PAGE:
Al-Qaida May Attack West to Regain Spotlight from ISIS: Experts

Iraqi Kurdish forces take position as they fight militants from the Islamic State of Iraq and Syria on Sunday in the Iraqi village of Bashir, south of Kirkuk. The recent territorial gains made by ISIS fighters could spur al-Qaida to carry out terrorist attacks on the West in order to burnish its own reputation within the jihadist community, experts say.
Iraqi Kurdish forces take position as they fight militants from the Islamic State of Iraq and Syria on Sunday in the Iraqi village of Bashir, south of Kirkuk. The recent territorial gains made by ISIS fighters could spur al-Qaida to carry out terrorist attacks on the West in order to burnish its own reputation within the jihadist community, experts say. (Karim Sahib/AFP/Getty Images)

Recent gains by its former Iraqi franchise could spur al-Qaida to launch attacks on the West in order to buttress its reputation, experts say.

Western security officials are worried that al-Qaida may feel the need to compete with the Islamic State of Iraq and Syria for funding and recruits, now that the former affiliate has gained so much territory in Iraq, the Daily Beast reported on Tuesday. Al-Qaida leader Ayman al-Zawahiri earlier this year cut ties with the extremist group over its indiscriminate targeting of Sunni civilians in the Syrian civil war and its feuding with another al-Qaida-aligned group.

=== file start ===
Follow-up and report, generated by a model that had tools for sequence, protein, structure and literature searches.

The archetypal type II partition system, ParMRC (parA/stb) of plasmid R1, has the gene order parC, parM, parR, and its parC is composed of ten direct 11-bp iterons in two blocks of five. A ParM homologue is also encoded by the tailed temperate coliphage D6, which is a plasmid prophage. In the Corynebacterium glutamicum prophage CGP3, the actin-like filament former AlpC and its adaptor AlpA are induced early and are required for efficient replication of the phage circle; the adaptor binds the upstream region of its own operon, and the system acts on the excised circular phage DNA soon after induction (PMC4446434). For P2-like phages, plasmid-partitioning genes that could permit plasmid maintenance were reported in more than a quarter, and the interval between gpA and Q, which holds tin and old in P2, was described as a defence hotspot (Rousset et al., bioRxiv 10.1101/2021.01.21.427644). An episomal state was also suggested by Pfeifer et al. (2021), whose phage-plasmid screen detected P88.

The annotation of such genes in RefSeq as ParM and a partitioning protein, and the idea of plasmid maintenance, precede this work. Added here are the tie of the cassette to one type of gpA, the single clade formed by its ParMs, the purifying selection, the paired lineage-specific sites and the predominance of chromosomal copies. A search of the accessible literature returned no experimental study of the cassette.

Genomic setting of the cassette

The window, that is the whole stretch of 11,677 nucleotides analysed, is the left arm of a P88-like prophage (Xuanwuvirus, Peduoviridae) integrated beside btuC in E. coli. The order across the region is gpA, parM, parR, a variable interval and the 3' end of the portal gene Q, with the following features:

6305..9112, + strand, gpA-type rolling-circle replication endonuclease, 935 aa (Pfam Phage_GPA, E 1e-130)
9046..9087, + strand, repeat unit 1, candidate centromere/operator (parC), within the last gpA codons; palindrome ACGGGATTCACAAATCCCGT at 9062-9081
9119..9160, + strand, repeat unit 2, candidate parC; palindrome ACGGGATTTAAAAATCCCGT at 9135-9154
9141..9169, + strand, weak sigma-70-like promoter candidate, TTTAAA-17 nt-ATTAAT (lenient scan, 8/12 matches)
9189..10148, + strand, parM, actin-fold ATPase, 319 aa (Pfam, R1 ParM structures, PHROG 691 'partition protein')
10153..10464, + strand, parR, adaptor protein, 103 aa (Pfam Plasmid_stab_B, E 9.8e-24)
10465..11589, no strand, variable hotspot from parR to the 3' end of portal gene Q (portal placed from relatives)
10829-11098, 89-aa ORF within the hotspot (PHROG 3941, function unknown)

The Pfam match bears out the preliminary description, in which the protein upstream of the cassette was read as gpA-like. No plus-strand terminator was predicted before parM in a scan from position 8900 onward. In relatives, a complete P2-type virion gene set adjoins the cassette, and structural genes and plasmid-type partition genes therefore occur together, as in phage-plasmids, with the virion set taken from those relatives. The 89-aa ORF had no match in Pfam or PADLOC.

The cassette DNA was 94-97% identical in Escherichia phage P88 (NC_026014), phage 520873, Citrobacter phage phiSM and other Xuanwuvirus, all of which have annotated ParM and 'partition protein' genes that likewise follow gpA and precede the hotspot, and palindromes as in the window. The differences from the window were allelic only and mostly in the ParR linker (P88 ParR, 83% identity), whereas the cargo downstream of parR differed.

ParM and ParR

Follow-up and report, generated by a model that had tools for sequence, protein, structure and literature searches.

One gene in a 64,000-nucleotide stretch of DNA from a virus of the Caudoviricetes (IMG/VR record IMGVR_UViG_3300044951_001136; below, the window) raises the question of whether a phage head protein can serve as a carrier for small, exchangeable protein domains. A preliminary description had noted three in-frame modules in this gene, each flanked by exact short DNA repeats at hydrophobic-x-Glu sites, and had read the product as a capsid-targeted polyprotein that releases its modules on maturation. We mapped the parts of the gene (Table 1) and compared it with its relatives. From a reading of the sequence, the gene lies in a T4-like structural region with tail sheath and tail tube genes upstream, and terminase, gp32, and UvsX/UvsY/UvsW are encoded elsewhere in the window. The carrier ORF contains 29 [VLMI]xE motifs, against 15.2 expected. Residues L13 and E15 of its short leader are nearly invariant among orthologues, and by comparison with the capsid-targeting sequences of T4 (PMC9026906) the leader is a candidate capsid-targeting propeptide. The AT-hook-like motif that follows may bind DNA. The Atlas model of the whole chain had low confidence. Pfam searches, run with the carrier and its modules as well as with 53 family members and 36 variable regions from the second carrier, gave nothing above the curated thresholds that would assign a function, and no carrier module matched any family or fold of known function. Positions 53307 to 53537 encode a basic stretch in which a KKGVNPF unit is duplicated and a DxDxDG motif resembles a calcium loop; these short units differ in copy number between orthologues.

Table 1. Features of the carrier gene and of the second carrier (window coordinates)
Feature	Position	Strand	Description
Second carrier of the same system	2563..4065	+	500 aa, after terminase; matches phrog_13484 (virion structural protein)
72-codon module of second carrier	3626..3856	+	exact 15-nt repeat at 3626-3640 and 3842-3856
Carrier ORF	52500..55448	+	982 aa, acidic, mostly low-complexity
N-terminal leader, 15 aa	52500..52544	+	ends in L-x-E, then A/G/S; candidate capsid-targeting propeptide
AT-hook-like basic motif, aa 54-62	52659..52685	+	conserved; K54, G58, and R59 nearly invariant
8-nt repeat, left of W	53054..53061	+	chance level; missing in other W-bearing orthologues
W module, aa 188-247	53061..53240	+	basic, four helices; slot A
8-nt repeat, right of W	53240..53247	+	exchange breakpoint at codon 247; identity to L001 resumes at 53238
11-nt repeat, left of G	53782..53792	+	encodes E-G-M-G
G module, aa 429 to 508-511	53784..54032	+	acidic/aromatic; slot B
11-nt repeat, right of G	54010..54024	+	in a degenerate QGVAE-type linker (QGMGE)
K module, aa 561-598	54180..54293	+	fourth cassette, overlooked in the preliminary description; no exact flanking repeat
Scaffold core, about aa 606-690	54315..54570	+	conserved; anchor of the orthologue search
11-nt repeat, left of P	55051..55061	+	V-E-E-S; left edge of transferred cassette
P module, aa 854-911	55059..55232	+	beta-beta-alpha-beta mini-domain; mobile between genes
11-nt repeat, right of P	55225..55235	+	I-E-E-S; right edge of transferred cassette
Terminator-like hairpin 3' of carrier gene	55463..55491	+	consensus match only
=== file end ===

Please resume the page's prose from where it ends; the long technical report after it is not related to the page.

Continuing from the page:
Anonymous U.S. officials said the government is readying to tighten security measures at airports and has asked its Western partners to act similarly out of fear that al-Qaida could be close to wrapping up plans to send suicide bombers to attack passenger flights headed for Europe or the United States. U.S. officials would not disclose exactly how security would be tightened at airports.

"If al-Qaida wants to reclaim some semblance of legitimacy, it will desperately pursue a major strike," wrote Middle East academic Aaron Zelin in a report released by the Washington Institute for Near East Policy.

The ISIS leader and self-proclaimed caliph, Abu Bakr al-Baghdadi, has "opened up a lead on al-Qaida, which has a steep hill to climb just to stave off its own relative decline," Zelin said.

The Islamic State of Iraq and Syria's recent claim that it had established a caliphate in newly seized territory "poses a huge threat to al-Qaida and its longtime position of leadership of the international jihadist cause," said Charles Lister, a visiting fellow at the Brookings Institution's Doha Center.

The authority and influence of al-Qaida's central leadership has been seen as declining for years following the 2011 assassination of Osama bin Laden. Additionally, a number of U.S. drone strikes were said to have eliminated senior commanders in the group.

The analysts' portrayal of a potential terrorist turf battle comes as U.S. intelligence agencies have been hearing that extremists in the Middle East have been developing new kinds of explosives that are less likely to trigger airport security alarms.

Washington-based intelligence insiders said the most disturbing part of the al-Qaida threat is that its recognized Syria affiliate, Jabhat al-Nusra, and its Yemeni franchise, al-Qaida in the Arabian Peninsula, are now coordinating with each other. The Yemeni group in recent years has been more dedicated than any other jihadist organization to the goal of carrying out attacks on the United States.

July 1, 2014
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Recent gains by its former Iraqi franchise could spur al-Qaida to launch attacks on the West in order to buttress its reputation, experts say.